Record cold in Northern Ireland

Katesbridge, pictured here in December, often records NI’s highest and lowest temperatures

Not just for one town, but for all of Northern Ireland.

Saturday night was the coldest September night on record for Northern Ireland, the Met Office has confirmed.

Katesbridge, in County Down, fell to a chilly -3.7C.

The hamlet is (supposedly) well known for often recording the island of Ireland’s highest and lowest temperature.

Even so – a record is still a record.

Thanks to Ben Vorlich for this link

The post Record cold in Northern Ireland appeared first on Ice Age Now.

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October 1, 2020 at 03:23PM

Nat Gas Prices Set To Soar – Cold Blast To Strike Eastern US Next Week

This comes just one week after “scores of locations in interior New England and western New York set record lows in the 20s and 30s,” according to The Washington Post.

The so-called “chill” even reached the Mid-Atlantic, “where Washington observed lows in the 40s on four straight days in September for the first time since 1950.”

8 to 15 degrees below normal

28 Sep 2020 – The ten-day outlook shows a cold airmass will encompass all U.S. Plains, Midwest, Southeast, and Northeast, where temperatures could hover 8 to 15 degrees below normal through the first week of October.

Thanks to Jack Hydrazine and Oly for this link

“Don’t use your furnace this week when it gets cold because it causes global warming ?” says Oly. “Pfffffffffffffft, as if.”

The post Nat Gas Prices Set To Soar – Cold Blast To Strike Eastern US Next Week appeared first on Ice Age Now.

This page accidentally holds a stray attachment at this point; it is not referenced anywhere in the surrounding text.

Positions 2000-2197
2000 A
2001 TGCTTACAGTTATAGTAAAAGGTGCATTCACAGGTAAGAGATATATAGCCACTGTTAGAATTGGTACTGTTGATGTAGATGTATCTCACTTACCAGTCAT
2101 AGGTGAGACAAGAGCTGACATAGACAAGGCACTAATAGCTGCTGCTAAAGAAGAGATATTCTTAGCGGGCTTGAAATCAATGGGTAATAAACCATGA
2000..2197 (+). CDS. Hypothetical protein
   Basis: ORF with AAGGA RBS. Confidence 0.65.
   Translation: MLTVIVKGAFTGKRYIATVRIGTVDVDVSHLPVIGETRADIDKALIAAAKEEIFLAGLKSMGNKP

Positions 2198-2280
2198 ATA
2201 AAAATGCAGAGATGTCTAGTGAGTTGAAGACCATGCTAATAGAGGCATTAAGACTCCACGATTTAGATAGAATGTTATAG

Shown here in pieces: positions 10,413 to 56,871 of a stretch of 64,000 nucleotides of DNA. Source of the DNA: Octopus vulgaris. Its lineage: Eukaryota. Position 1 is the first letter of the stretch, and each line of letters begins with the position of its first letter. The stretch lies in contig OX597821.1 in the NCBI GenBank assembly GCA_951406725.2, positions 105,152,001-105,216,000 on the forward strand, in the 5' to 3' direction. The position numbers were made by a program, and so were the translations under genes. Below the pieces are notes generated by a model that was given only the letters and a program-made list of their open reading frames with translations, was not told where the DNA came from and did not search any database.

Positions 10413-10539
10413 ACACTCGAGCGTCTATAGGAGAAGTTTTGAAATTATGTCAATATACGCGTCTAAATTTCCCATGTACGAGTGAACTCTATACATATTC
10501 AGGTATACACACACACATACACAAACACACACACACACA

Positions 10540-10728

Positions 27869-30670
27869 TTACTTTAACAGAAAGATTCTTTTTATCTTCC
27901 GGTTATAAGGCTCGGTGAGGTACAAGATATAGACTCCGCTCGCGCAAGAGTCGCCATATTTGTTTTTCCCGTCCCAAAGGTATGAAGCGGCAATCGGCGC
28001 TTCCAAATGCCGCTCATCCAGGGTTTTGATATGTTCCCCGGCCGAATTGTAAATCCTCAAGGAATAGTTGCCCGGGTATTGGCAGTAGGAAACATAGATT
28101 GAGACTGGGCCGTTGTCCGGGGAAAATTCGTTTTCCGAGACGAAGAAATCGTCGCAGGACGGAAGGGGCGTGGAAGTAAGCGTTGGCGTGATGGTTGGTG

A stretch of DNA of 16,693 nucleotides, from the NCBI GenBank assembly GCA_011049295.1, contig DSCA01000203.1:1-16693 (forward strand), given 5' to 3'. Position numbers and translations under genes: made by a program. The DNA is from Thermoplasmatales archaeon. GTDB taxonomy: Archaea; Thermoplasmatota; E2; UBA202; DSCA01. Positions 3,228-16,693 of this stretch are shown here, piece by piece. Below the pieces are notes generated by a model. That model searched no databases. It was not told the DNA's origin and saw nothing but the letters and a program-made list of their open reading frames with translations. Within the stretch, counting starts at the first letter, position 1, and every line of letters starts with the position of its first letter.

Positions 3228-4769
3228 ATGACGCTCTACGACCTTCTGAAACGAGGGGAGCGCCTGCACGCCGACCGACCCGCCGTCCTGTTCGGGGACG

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October 1, 2020 at 03:23PM

Polar bear damage to parked military helicopter shows their immense power

A polar bear punched out the window of a parked Royal Canadian Air Force search and rescue helicopter on 16 September in northern Labrador, which should be a reminder that these bears are extremely powerful and potentially dangerous. 

If you ever thought you would be safe in a cabin or vehicle if a polar bear really wanted in, you might want to think again and remember that residents of the Arctic put up with this risk of polar bear attack, intrusion and damage all year long (Crockford 2019). And it’s not because the bears are simply ‘curious’.

Two photos below from Svalbard: of a bear that climbed onboard a boat moored offshore in 2019 while its occupants had lunch on the beach (damaging the hydraulic steering, vinyl seats, heating system, canopy, and an inflatable raft), and of a cabin ransacked by a polar bear in 2017 after it ripped the door off its hinges. Since it is my understanding that cabin owners in Svalbard are not permitted to leave stored food in unoccupied buildings, the attractants in these empty cabins must be other things that contain oil, like cleaning products, vinyl furniture, and candles.

From CBC News (30 September 2020), my bold:

“A CH-149 Cormorant search and rescue helicopter was damaged earlier this month by what appears to have been a puzzled polar bear. The aircraft belong to 413 Squadron, which is based in Greenwood, N.S.

It spent the night at a remote airstrip in Saglek, Newfoundland and Labrador on Sept. 16, said Lt.-Col. Brent Vaino, the squadron commander. The aircraft was supposed to land on a helipad at an automated NORAD radar station near the remote community, but poor weather over northern Labrador prevented the crew from reaching it. They were detoured to an airstrip closer to sea level.

“The crew had to park the aircraft down below, not up at elevation like they wanted to,” said Vaino. “Because of that, it’s an area with a body of water on either side and polar bears do occasionally transit on either side of them, and this case that’s what happened.”

In the darkness, while the crew slept at the radar station, the bear chose to conduct a snap inspection of the brightly painted helicopter, causing what the air force said was “superficial damage” when it pushed on the side door.

Vaino said he believes the animal was curious and likely not hungry. The bear managed to pop out an emergency exit window and rip the cover off the nose cone.